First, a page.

HITS Daily Double
"We just completed the best quarter in our history and 2006 is off to a great start. We're confident with our strategy."
——Apple CFO Peter Oppenheimer


Today’s Music Biz Is a Rowboat Being Tossed About in the Middle of a Massive Sea Change
Global digital music sales tripled to $1.1 billion last year, the IFPI revealed Thursday morning. This encouraging news comes a day after Apple reported the biggest quarter in its history, powered by the sale of 14 million iPods. But these positive notes are being hit at a moment when many fear that the current tech boom may culminate much as the last one did six years ago, with the bursting of a bubble. Thus, Apple shares dropped in after-hours trading predicated on the company’s conservative forecast for Q2.

Digital music, including ringtones, now accounts for 6% of total music sales, and this revenue stream was nonexistent before the iTunes Music Store opened its virtual doors in the spring of 2003. There are now 335 online music services, according to the latest figures, up from 50 two years ago.

Subscription services, paced by Yahoo Music, RealNetworks' Rhapsody and Napster, nearly doubled their bases last year, growing from 1.5 million to 2.8 million subscribers. Napster said yesterday that it has passed the half-million mark, a 100% increase.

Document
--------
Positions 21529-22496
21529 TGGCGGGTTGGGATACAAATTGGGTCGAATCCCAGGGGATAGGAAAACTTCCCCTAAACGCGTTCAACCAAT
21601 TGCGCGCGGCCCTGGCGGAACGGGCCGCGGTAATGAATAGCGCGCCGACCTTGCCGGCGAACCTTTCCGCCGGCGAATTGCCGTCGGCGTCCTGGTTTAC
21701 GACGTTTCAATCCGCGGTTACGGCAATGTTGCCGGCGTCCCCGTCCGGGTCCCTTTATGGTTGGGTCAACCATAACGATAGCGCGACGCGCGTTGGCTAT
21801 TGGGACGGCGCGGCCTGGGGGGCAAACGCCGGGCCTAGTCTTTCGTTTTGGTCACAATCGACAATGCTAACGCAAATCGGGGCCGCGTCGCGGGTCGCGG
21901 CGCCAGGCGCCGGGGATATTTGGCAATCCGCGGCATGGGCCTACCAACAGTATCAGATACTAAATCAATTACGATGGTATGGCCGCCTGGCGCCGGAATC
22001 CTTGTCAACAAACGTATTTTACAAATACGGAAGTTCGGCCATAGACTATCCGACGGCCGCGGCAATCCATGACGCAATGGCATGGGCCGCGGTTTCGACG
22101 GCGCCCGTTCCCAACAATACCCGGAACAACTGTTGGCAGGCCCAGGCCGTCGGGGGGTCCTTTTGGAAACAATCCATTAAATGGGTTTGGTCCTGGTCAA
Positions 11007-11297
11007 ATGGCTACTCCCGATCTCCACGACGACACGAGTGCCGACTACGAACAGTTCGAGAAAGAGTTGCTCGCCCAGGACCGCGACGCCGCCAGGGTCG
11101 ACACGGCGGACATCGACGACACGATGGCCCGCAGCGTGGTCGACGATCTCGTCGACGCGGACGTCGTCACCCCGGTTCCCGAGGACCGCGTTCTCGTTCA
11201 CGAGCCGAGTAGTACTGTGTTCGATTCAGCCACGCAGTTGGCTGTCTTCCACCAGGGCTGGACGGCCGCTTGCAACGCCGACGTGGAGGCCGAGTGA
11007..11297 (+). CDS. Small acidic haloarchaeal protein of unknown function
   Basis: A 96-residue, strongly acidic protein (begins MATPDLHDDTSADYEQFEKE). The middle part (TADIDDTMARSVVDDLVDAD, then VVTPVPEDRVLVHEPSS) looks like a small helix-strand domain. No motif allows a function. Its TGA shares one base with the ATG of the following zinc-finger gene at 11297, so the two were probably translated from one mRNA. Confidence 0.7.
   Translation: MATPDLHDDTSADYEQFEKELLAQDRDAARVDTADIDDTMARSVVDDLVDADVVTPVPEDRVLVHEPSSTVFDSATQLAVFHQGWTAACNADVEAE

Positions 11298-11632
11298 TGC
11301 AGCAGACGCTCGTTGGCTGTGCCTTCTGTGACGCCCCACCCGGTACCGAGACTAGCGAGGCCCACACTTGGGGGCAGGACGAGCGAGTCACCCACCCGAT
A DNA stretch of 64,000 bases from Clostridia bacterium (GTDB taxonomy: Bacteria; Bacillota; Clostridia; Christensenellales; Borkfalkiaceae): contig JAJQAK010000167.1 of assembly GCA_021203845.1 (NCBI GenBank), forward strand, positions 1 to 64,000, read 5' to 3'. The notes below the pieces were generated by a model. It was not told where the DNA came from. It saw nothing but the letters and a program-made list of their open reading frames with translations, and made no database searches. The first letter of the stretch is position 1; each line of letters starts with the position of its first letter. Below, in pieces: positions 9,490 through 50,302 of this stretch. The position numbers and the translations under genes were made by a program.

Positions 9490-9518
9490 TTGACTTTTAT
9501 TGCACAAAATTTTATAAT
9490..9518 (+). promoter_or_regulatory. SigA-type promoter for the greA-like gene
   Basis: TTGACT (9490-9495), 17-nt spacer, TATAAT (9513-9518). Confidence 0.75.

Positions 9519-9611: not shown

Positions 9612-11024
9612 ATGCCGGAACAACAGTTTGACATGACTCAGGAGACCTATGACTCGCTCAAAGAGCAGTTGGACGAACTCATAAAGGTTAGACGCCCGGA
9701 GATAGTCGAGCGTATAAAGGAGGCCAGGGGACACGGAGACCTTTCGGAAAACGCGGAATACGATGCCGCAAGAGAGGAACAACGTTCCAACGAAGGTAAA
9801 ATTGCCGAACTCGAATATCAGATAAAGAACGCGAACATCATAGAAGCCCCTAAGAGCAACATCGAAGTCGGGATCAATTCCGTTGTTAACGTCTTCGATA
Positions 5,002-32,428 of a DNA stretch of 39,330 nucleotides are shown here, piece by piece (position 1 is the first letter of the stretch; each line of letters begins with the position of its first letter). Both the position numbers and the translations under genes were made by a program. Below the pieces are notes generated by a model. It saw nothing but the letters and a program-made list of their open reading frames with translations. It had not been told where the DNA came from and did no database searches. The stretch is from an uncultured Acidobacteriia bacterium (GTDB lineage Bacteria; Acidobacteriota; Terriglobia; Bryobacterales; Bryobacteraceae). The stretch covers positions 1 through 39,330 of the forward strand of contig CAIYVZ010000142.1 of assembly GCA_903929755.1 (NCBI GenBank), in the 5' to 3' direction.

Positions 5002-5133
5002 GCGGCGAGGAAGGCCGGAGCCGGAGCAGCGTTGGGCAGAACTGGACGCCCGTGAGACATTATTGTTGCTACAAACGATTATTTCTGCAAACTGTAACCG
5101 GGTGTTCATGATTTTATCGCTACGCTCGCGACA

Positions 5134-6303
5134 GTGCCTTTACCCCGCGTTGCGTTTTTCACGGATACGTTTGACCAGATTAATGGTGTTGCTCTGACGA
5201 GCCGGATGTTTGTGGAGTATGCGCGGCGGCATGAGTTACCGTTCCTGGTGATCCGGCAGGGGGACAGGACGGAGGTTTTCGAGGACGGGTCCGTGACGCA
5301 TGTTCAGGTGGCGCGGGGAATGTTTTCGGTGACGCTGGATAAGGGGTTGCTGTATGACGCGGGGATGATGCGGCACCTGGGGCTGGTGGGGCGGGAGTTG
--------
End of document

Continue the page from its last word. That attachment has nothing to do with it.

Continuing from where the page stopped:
Napster Chairman/CEO Chris Gorog was as ebullient as usual in making the official announcement: "Doubling our subscribers over the last twelve months demonstrates the mass-market potential of our music subscription model and the powerful appeal of Napster to music fans who want it all," he enthused. "With a track record of robust growth, exciting new developments in the pipeline and over $100 million on our balance sheet, we are extremely excited about the future of Napster."

Meanwhile, back in Cupertino, the revelations came one after another: Music sales now represent 59% of total sales at Apple, which claims 83% of the U.S. download market. Additionally, the company’s 135 retail stores, the techie equivalent of Disneyland in the iPod era, collectively generated north of $1 billion for the first time. Boosted by all this activity, Apple's share price more than doubled to an all-time high of nearly $14 billion.

Naturally, some analysts believe it will be difficult for Steve Jobs and his visionary posse to maintain the pace. "It's a consumer electronics product that is highly seasonal," Needham & Company’s Charles Wolf told The N.Y. Times. "We've also passed the inflection point in the iPod story. Growth is going to slow because the numbers are so large, but it's still going to grow."

"We just completed the best quarter in our history and 2006 is off to a great start," Apple CFO Peter Oppenheimer said in an interview with Forbes.com. "We're confident with our strategy."

So optimism is clearly in the air, much of it emanating from the bustling musical portion of the tech sector. But there’s another widespread digital activity at the moment—the crossing of fingers.